He tried to keep from staggering but couldn't. "I...I'm trying, Dayna. But...dizzy, so very dizzy."
Vila moved up beside Tarrant and put an arm around him, shifting some of the pilot's weight off the girl. "And I thought Avon was heavy," he groaned. "Tarrant, I'm personally seeing that you lose 30 pounds."
Dayna caught her breath and nodded. "For once, Vila, I agree with you."
"I've got the other couch all ready," he continued as they struggled with the pilot. "I was beginning--ow, walk on your own feet, Tarrant--to think you weren't coming."
"So did I," Dayna gasped back.
Between the two of them, they half-carried, half-dragged Tarrant the rest of the way to the med unit and onto the waiting couch. Then while Vila connected the monitoring equipment, Dayna moved over to check Avon. "He's going to die, isn't he?" she murmured softly. "They're both going to die."
"No, they're not," Vila replied, a stubbornness in his voice which made her look up.
Dayna looked around. "Where's Cally?"
"Right here," came a tired voice behind them. Cally stood in the doorway, her face drawn and haggard.
"Cally, you should be resting," Vila scolded.
"I tried to." Then she saw the restraints. "Vila, you promised you would call me if there was any change."
"There was no reason to," Vila answered in a conciliatory tone. "Besides, you needed the sleep."
Cally stared at him for a moment, then nodded. Walking over to Tarrant, she asked. "How are you feeling?"
"A little shaky, Cally, that's all," he replied. "Any change in Avon's condition?"
Cally checked the monitor and sighed. "He's weak, Tarrant, very weak." Her eyes darkened as she looked at the unconscious man. Avon was slipping into another nightmare.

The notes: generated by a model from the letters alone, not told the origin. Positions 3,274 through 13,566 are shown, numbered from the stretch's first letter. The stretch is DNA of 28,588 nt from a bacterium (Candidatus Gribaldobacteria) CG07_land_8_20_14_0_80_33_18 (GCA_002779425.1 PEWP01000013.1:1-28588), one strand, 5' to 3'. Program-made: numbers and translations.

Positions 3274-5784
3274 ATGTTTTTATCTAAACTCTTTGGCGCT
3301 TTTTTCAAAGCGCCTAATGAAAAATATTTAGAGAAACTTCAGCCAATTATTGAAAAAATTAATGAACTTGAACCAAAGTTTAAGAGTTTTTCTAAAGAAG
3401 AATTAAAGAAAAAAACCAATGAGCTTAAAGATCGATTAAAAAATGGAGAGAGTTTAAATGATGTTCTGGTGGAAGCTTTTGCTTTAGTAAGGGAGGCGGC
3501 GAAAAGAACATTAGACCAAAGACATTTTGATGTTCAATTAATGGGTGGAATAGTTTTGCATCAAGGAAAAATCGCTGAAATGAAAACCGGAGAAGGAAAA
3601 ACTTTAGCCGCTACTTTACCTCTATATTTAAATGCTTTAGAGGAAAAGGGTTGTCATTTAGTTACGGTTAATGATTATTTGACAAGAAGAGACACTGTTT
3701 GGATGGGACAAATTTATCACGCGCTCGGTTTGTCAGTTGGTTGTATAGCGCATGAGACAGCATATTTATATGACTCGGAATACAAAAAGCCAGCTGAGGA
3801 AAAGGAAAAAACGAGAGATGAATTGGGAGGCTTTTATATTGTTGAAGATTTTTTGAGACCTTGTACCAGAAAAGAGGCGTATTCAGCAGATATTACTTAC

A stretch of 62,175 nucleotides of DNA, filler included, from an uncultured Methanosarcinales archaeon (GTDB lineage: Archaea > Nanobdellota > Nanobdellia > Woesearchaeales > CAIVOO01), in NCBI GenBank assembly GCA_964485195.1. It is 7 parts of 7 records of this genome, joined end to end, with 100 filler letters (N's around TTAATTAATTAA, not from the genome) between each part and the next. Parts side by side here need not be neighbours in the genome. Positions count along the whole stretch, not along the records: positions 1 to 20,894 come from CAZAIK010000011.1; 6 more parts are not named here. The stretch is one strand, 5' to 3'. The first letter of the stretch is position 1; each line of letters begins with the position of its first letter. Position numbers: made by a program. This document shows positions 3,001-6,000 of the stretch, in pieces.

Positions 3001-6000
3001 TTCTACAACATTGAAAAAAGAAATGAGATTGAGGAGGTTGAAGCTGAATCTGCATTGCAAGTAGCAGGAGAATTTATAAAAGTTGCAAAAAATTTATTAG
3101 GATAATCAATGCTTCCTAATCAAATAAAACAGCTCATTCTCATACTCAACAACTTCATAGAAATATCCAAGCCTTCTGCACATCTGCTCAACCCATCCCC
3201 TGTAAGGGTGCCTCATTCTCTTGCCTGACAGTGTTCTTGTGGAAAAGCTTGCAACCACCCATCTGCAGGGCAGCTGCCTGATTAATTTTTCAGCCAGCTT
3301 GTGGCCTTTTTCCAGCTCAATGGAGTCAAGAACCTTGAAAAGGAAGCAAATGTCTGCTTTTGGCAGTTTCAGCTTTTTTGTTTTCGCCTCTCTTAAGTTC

He was tired of waiting. How long had he been there? It was impossible to tell. Shrinker had to come soon or he'd have to leave. Then the door to his cell opened and a man walked in and looked at him. "They tell me you won't answer any questions."
Avon eyed him uncertainly and sat up. "Maybe they haven't asked the right one."
"A man with a sense of humor. Good," the interrogator laughed. "I can see we will get along well. Oh, forgive me. My colleagues call me Shrinker."
Avon smiled, then rubbed his shoulder to deactivate the homing device. His fingers encountered a small scar and puzzlement crept into his face.
Shrinker grinned. "Ah, yes. We found that straight away. Intelligence wanted to leave it In place to trap your companions but I convinced them otherwise."
He removed a laser probe from his pocket. "You see, I know you'll tell me everything I want to know."
"I don't know what you mean," Avon muttered, as he tried to stand up.
"Of course, you do." The larger man grabbed Avon by the shoulder and pushed him back down. "Let's start with your name.
Avon shook off Shrinker's grip and glared defiantly at him. "Your name? What is your name?" the interrogator demanded and forced his captive flat against the cell bunk.
"No, I can't," Avon panted, as he fought to keep the probe away.
"Of course, you can," Shrinker replied. He straddled Avon's body, pinning his victim's arms down with his knees. "And you will."
"No, I will tell you nothing," Avon cried, watching the probe edge closer.
"They all say that," Shrinker reflected with a sigh. "But in the end, they always do." With a deft flick of his wrist, he activated the probe and drove it into his captive's right eye.